I wanted to love this. I told everyone, this could be our generation’s Dune, a sprawling epic not bound by the family friendly audience of Star Wars and Star Trek, with wonderfully complex narratives and equally as gorgeous sceneries and designs. Sadly, this turned out to be our generation’s Dune, a film so confusing and understood by so few that to like it makes you feel almost apologetic.
Its premise is solid – a touch of Soylent Green to it but nonetheless a Human Harvesting society that rules with a sprawling intergalactic network, immortality, eternal youth, ‘monsters’ and the like, and the classic ‘space princess’ all make appearances. In fact the biggest problem here is that it’s just a single film trying to explain and fit everything into itself.
Remember, the first Star Wars explained very little (what’s a Sith? Galactic Senate? Who is the emperor? Does he have a name? Favourite colour?) and in fact was a single isolated ‘battle’ (yes, they blew up a Death Star but really, it came to them) in a much larger built world.
With Jupiter Ascending, everything comes at you far too quickly, and as soon as you’ve met someone, they’re explained and we move on. It never stops to breathe and as such is an over simplified and overlooked premise that if handled at a better pace could have really matched the incredible designs and built world that the director siblings clearly envisioned.
Ryan Reynolds, in a box, for 90 minutes. Go. It doesn’t get any simpler than this. A fantastic premise in the vein of ‘single location films’ – something Phone Booth obviously did very well with, but here the location is even smaller and to the credit of everyone involved it never, ever, leaves that coffin of a location.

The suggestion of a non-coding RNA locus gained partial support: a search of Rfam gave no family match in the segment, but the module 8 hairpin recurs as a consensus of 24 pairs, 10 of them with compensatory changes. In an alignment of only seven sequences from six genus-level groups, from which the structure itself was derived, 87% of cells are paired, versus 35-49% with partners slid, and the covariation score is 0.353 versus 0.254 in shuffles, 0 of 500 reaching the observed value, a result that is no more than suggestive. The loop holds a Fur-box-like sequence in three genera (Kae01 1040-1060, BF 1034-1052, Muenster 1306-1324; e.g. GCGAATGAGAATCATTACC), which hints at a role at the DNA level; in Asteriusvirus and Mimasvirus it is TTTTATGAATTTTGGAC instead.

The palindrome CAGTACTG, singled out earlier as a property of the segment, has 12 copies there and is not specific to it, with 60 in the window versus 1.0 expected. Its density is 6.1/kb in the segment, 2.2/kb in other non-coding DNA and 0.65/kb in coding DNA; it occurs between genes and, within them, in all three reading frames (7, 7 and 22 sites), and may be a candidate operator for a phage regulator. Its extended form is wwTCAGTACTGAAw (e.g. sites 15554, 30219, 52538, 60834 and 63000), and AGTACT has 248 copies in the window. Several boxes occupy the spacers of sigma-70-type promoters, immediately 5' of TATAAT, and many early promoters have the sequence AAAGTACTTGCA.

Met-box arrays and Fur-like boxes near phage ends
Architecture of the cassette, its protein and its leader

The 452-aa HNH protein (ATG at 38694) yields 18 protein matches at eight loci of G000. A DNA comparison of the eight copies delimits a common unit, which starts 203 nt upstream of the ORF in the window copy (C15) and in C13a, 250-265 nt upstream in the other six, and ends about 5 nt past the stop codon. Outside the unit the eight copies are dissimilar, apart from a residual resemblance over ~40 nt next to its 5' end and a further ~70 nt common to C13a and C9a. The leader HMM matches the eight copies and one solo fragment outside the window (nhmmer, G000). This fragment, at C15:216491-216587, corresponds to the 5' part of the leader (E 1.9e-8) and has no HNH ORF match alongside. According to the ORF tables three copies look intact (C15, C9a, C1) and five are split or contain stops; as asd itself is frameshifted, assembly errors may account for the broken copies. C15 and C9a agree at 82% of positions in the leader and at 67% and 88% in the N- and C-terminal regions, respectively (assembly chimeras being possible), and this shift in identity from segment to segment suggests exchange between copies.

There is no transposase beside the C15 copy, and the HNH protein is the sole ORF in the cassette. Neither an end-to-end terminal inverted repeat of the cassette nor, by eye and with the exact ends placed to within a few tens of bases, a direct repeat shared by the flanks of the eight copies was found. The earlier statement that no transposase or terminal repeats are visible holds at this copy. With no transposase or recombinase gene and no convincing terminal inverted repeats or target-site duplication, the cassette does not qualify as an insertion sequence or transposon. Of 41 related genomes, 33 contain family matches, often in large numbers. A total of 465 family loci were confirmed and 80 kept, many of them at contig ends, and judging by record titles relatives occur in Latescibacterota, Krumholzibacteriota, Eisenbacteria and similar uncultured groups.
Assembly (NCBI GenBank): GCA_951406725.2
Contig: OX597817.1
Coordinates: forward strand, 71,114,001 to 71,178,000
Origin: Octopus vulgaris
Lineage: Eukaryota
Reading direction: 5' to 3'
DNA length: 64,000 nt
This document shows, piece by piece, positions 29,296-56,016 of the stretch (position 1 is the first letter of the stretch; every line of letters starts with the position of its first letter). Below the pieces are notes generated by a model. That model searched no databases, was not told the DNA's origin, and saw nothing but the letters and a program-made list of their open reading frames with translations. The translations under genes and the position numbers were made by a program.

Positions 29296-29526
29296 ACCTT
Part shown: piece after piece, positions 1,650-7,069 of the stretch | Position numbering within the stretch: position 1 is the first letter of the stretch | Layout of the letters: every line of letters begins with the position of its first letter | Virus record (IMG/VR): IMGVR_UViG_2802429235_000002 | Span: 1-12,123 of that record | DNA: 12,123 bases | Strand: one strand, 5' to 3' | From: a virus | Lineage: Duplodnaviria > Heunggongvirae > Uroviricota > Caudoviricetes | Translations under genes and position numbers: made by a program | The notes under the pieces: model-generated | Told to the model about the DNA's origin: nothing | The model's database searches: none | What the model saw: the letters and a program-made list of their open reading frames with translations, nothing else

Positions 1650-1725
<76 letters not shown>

The cinematography is gorgeously creative and to his credit, Ryan Reynolds does a decent job of holding your attention. Unfortunately, the concept simply doesn’t have legs for 90 minutes of run time. A great short film, but a mediocre feature film – ‘Watch it and learn from it’ or ‘Well, it’s interesting’ instead of ‘It’s a great film’ will be recurring comments on it – the premise of a man buried alive though, once we leave the ‘single location’ stitch, is fantastic.
Envision ‘Buried’ meets ‘Gone Girl’ and you start to get an idea on how the tension here could work with a dark manipulative and twist laden thriller to produce something that would have you on the edge of your seats.
5. Van Helsing
An interesting take on the original ‘vampire hunter’ (Professor Van Helsing in the source material), this was a film I thoroughly enjoyed as a popcorn flick. Unfortunately, like many actually well developed vampire mythology franchises – and yes I count the Underworld franchise as well developed mythos – the final film is a very ‘fun romp’ as opposed to something more in keeping with the tone of the subject matter.
Frankenstein’s monster is given life, something Dracula desperately wants to be able to do (and give life to his children/spawn). That alone, is a great premise. The ‘key’ to this, the Monster, just wants to be left alone but is hunted by humans who want to destroy him and vampires who want to use him.
Throw in ‘An ancient family guards the lands near Dracula’s castle, descendant of werewolves – the only thing capable of truly hurting vampires, and a mysterious ancient hunter is arrives – sent by the vatican itself, he carries with him an unknown link to Dracula himself’.
Everything about this begs to be less theatrical than the film we ended up with, and the effects needed to be less comical as well. Forget ‘Dracula Untold’ or any ‘monster movie mashup’, done right, the story within Van Helsing has the potential to really ignite a franchise and bring back a true sense of analogy and depth to the ‘Monster’ films.